Includes the income of the householder and all other persons 15 years old and over in the household, whether related to the householder or not. Because many households consist of only one person, average household income is usually less than average family income.

Income of Families and Persons
In compiling statistics on family income, the incomes of all members 15 years old and over in each family are summed and treated as a single amount. However, for persons 15 years old and over, the total amounts of their own incomes are used. Although the income statistics covered the calendar year 1989, the characteristics of persons and the composition of families refer to the time of enumeration (April 1990). Thus, the income of the family does not include amounts received by persons who were members of the family during all or part of the calendar year 1989 if these persons no longer resided with the family at the time of enumeration. Yet, family income amounts reported by related persons who did not reside with the family during 1989 but who were members of the family at the time of enumeration are included. However, the composition of most families was the same during 1989 as in April 1990.

Median Income
The median divides the income distribution into two equal parts, one having incomes above the median and the other having incomes below the median. For households and families, the median income is based on the distribution of the total number of units including those with no income. The median for persons is based on persons with income. The median income values for all households, families, and persons are computed on the basis of more detailed income intervals than shown in most tabulations. Median household or family income figures of $50,000 or less are calculated using linear interpolation. For persons, corresponding median values of $40,000 or less are also computed using linear interpolation. All other median income amounts are derived through Pareto interpolation. (For more information on medians and interpolation, see the discussion under "Derived Measures.")

Mean Income
This is the amount obtained by dividing the total income of a particular statistical universe by the number of units in that universe. Thus, mean household income is obtained by dividing total household income by the total number of households. For the various types of income the means are based on households having those types of income. "Per capita income" is the mean income computed for every man, woman, and child in a particular group. It is derived by dividing the total income of a particular group by the total population in that group.

Care should be exercised in using and interpreting mean income values for small subgroups of the population. Because the mean is influenced strongly by extreme values in the distribution, it is especially susceptible to the effects of sampling variability, misreporting, and processing errors. The median, which is not affected by extreme values, is, therefore, a better measure than the mean when the population base is small. The mean, nevertheless, is shown in some data products for most small subgroups because, when weighted according to the number of cases, the means can be added to obtained summary measures for areas and groups other than those shown in census tabulations.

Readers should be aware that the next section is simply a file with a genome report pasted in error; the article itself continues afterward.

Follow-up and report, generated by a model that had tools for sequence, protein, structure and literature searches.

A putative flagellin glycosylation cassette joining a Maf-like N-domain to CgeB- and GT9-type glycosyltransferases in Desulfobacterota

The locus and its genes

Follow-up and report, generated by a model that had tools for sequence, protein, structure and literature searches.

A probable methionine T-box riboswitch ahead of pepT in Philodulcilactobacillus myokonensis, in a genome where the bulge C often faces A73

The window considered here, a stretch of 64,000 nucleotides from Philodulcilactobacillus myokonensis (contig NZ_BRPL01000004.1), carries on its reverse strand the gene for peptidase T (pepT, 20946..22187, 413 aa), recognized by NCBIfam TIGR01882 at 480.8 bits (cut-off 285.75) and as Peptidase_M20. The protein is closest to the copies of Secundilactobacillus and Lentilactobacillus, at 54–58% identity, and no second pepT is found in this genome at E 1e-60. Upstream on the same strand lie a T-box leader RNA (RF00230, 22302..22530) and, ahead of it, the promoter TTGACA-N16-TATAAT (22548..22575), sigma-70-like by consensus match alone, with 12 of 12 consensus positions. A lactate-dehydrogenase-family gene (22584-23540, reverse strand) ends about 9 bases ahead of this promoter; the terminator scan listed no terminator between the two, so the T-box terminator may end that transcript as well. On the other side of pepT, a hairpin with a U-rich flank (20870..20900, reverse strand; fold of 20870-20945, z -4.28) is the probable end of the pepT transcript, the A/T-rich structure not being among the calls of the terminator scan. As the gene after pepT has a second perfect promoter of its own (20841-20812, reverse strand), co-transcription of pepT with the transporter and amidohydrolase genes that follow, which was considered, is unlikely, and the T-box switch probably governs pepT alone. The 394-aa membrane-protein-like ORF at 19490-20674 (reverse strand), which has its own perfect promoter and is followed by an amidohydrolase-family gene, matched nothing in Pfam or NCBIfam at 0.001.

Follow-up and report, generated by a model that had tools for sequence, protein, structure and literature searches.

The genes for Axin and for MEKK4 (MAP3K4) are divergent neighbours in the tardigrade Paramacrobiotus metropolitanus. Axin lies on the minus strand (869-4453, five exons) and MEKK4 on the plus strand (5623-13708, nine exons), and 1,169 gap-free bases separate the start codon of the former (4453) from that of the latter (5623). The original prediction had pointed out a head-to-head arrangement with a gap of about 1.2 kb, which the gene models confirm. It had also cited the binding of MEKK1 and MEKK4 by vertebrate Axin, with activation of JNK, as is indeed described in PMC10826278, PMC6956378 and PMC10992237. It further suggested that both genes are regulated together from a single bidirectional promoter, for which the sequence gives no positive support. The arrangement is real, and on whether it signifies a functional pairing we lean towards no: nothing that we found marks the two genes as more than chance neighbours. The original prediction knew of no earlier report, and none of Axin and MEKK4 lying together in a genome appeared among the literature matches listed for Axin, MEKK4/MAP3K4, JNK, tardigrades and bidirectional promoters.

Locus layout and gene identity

Limitation of the Data
Since questionnaire entries for income frequently are based on memory and not on records, many persons tended to forget minor or irregular sources of income and, therefore, underreport their income. Underreporting tends to be more pronounced for income sources that are not derived from earnings, such as Social Security, public assistance, or from interest, dividends, and net rental income.

There are errors of reporting due to the misunderstanding of the income questions such as reporting gross rather than net dollar amounts for the two questions on net self-employment income, which resulted in an overstatement of these items. Another common error is the reporting of identical dollar amounts in two of the eight type of income items where a respondent with only one source of income assumed that the second amount should be entered to represent total income. Such instances of overreporting had an impact on the level of mean nonfarm or farm self-employment income and mean total income published for the various geographical subdivisions of the State.

Extensive computer editing procedures were instituted in the data processing operation to reduce some of these reporting errors and to improve the accuracy of the income data. These procedures corrected various reporting deficiencies and improved the consistency of reported income items associated with work experience and information on occupation and class of worker. For example, if persons reported they were self-employed on their own farm, not incorporated, but had reported wage and salary earnings only, the latter amount was shifted to net farm self-employment income. Also, if any respondent reported total income only, the amount was generally assigned to one of the type of income items according to responses to the work experience and class-of-worker questions. Another type of problem involved nonreporting of income data. Where income information was not reported, procedures were devised to impute appropriate values with either no income or positive or negative dollar amounts for the missing entries. (For more information on imputation, see Appendix C, Accuracy of the Data.)